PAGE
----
The Strategy Draws on Robust Evidence on Drug Treatment and Drug-Related Crime
There are areas of real strength in the analysis and incorporation of material in the evidence base. For instance, the Strategy draws on a robust evidence base in the areas of what works in drug treatment and what works in reducing drug-related crime. With respect to drug treatment, cited evidence includes a wide range of peer-reviewed empirical studies, as well as robust (in some cases systematic) literature reviews, four of which are Cochrane Reviews.*****
With respect to drug-related crime, a number of the studies that the Strategy draws on are randomised controlled trials (RCTs). Robust research is drawn on to commend high-dose methadone treatment programmes, although the Strategy acknowledges that much of this research depends on self-reported data.
Some Other Evidence and Information Is Weaker and Would Benefit from More Detail and Linking More Closely to Actions and Implications
In some areas there is less robust evidence available, and the Strategy relies heavily on grey literature rather than independent evaluations and peer-reviewed research. For instance, policy recommendations on prevention of PDU in young people are based on evidence drawn from a variety of sources—none of which are apparently peer-reviewed. In other places peer-reviewed sources are referenced, but at times would benefit from further context or detail, and in places it is difficult to relate the evidence base to implications for intervention and delivery of services. This creates a risk that interventions may overlook potentially important determinants of success, including environmental factors, the importance of age in some areas such as wraparound care and the significance of gender in certain outcomes and in programme design to optimise those outcomes.
With respect to drug supply and law enforcement, the Strategy usefully includes descriptive detail on current activities. However, further evidence would be useful here. For example, partnerships with local agencies are clearly regarded as key to the success of drug supply and law enforcement initiatives, but without further detail on the types of local partner organisations involved, and the length or nature of their involvement, this information would be difficult for local delivery bodies to use to inform their actions. Thus, without further detail, context and linking to further action, some aspects of the Strategy may miss the opportunity to optimally inform delivery bodies and those seeking to draw on the information to guide design and implementation of interventions.
These observations are intended to inform the NAO's VfM study on the UK Government's Drugs Strategy. These observations relate to the definition of PDU used in the Strategy, the evidence base underpinning the Strategy, and the implications of these for those seeking to draw on the Strategy and its evidence base. In doing so, this study seeks to respond to a subset of questions within the NAO's broader examination of local authorities' capacity to deliver on the aims of the Strategy with respect to PDU at the local level.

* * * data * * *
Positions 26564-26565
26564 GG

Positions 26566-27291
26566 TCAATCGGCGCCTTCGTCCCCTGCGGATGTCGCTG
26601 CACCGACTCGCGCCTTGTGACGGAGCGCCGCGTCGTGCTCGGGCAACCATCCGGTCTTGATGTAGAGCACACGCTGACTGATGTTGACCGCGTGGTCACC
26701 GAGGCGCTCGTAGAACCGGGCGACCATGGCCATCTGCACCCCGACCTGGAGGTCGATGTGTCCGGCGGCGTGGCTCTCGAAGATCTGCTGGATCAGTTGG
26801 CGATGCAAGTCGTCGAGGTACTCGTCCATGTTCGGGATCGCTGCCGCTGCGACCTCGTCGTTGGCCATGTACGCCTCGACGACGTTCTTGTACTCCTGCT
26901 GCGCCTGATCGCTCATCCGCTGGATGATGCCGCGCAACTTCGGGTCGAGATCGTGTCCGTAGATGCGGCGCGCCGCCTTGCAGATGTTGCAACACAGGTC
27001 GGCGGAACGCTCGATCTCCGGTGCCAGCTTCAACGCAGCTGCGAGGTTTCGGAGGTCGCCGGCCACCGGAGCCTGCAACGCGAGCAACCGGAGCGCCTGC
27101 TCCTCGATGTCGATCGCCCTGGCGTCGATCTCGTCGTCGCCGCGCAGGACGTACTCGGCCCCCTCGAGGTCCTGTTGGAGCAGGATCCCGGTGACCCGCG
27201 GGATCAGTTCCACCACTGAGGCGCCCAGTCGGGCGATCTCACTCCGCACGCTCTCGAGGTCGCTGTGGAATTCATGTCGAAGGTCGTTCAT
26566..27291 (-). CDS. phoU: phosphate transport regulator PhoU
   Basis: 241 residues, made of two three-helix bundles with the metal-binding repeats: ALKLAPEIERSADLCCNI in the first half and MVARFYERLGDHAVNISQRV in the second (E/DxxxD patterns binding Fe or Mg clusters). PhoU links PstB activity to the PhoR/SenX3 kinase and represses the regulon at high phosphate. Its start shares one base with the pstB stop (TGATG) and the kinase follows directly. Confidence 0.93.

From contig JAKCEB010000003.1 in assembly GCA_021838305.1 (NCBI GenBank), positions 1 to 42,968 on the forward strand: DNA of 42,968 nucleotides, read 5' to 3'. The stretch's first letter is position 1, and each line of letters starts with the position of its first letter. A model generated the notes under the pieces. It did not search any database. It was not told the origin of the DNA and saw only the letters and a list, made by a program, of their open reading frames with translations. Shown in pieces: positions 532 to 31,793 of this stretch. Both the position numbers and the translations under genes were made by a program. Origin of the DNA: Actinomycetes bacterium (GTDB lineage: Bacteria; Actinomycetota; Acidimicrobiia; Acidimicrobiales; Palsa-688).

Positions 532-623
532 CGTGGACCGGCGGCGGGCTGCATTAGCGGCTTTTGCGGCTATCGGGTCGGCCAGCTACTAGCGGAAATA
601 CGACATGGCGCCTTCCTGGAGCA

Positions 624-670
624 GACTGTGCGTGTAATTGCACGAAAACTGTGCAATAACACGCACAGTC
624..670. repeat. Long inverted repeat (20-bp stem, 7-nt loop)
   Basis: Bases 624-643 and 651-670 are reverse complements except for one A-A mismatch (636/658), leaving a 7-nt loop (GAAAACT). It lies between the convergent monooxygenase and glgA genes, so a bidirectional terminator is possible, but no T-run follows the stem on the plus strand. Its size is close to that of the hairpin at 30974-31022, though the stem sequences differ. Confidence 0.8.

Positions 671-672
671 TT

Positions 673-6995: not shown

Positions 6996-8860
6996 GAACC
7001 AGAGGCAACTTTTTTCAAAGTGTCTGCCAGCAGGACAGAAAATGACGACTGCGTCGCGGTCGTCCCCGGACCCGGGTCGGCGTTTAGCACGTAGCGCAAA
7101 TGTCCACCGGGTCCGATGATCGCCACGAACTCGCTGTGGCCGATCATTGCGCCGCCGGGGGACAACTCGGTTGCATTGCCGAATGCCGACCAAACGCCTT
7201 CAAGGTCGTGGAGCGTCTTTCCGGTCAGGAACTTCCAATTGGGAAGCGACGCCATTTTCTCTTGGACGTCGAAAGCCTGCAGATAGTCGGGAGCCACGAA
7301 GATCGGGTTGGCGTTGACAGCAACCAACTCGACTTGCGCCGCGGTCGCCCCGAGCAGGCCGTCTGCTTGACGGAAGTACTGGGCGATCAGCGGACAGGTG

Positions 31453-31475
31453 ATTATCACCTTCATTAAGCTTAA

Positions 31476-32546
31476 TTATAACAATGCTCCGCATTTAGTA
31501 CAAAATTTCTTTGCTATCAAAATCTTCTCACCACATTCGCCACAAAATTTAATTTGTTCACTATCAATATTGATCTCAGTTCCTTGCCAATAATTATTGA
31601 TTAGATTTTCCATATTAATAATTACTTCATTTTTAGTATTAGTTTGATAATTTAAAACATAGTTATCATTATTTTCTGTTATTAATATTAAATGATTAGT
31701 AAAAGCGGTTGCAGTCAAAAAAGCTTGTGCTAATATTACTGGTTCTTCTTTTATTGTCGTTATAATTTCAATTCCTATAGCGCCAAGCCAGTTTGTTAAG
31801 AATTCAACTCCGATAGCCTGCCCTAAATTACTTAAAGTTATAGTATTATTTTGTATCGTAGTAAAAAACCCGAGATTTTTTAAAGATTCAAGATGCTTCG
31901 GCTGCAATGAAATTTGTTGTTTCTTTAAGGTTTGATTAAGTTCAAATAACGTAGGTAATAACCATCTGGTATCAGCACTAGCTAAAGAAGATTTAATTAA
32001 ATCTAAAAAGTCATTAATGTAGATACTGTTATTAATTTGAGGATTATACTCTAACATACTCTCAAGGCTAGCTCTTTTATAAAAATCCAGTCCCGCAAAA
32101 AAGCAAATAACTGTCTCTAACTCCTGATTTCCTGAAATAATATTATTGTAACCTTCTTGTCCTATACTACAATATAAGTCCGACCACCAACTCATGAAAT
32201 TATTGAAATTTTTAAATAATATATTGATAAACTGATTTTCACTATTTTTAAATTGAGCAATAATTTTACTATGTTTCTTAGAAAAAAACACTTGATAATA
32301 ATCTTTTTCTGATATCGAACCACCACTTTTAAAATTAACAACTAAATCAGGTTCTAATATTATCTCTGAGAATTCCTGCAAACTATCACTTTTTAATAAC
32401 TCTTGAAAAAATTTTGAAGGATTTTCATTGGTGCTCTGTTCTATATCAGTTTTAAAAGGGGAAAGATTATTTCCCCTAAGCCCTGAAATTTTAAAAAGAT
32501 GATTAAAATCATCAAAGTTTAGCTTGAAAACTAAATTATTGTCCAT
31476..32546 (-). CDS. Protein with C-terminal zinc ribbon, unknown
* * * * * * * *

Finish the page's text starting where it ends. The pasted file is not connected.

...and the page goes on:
HM Government, Tackling Drugs to Build a Better Britain: the Government's Ten-Year Strategy for Tackling Drugs Misuse, London: The Stationery Office, April 1998.
HM Government, Updated Drug Strategy 2002, London: Crown Copyright, 2002.
* Triangulating data from a variety of sources to get a sense of “omitted” populations is likely to be the most robust approach currently. In particular, RAND's Drug Policy Research Center has triangulated information from household surveys, treatment admissions, mortality data, and arrestees, adjusting for double representation across these data sets of some populations, to get a general estimate of the number of problem drug users in the US (as homeless individuals are represented in treatment data, arrestee data and mortality data, although not in the household survey; criminally involved are captured in arrestee data; and so on). A similar strategy using a variety of data systems that capture different “elements” of the problem could be used in the UK, as any one of these alone provides a glimpse of the problem among a particular type of user.
** The definition, however, does not specify if opiates include only illicit opiates or licit ones as well (such as morphine).
*** The updated evidence base provides a separate brief reference list as a bibliography, and includes a section on updating the evidence base about work in progress to improve the state of knowledge.
**** It is intended that the CGRPD research strategy is published later this year.
***** The Cochrane Collaboration provides systematic reviews of the effects of healthcare interventions with the aim of improving healthcare decision-making globally. Reviews are published in The Cochrane Library. For information or reviews see http://www.cochrane.org/.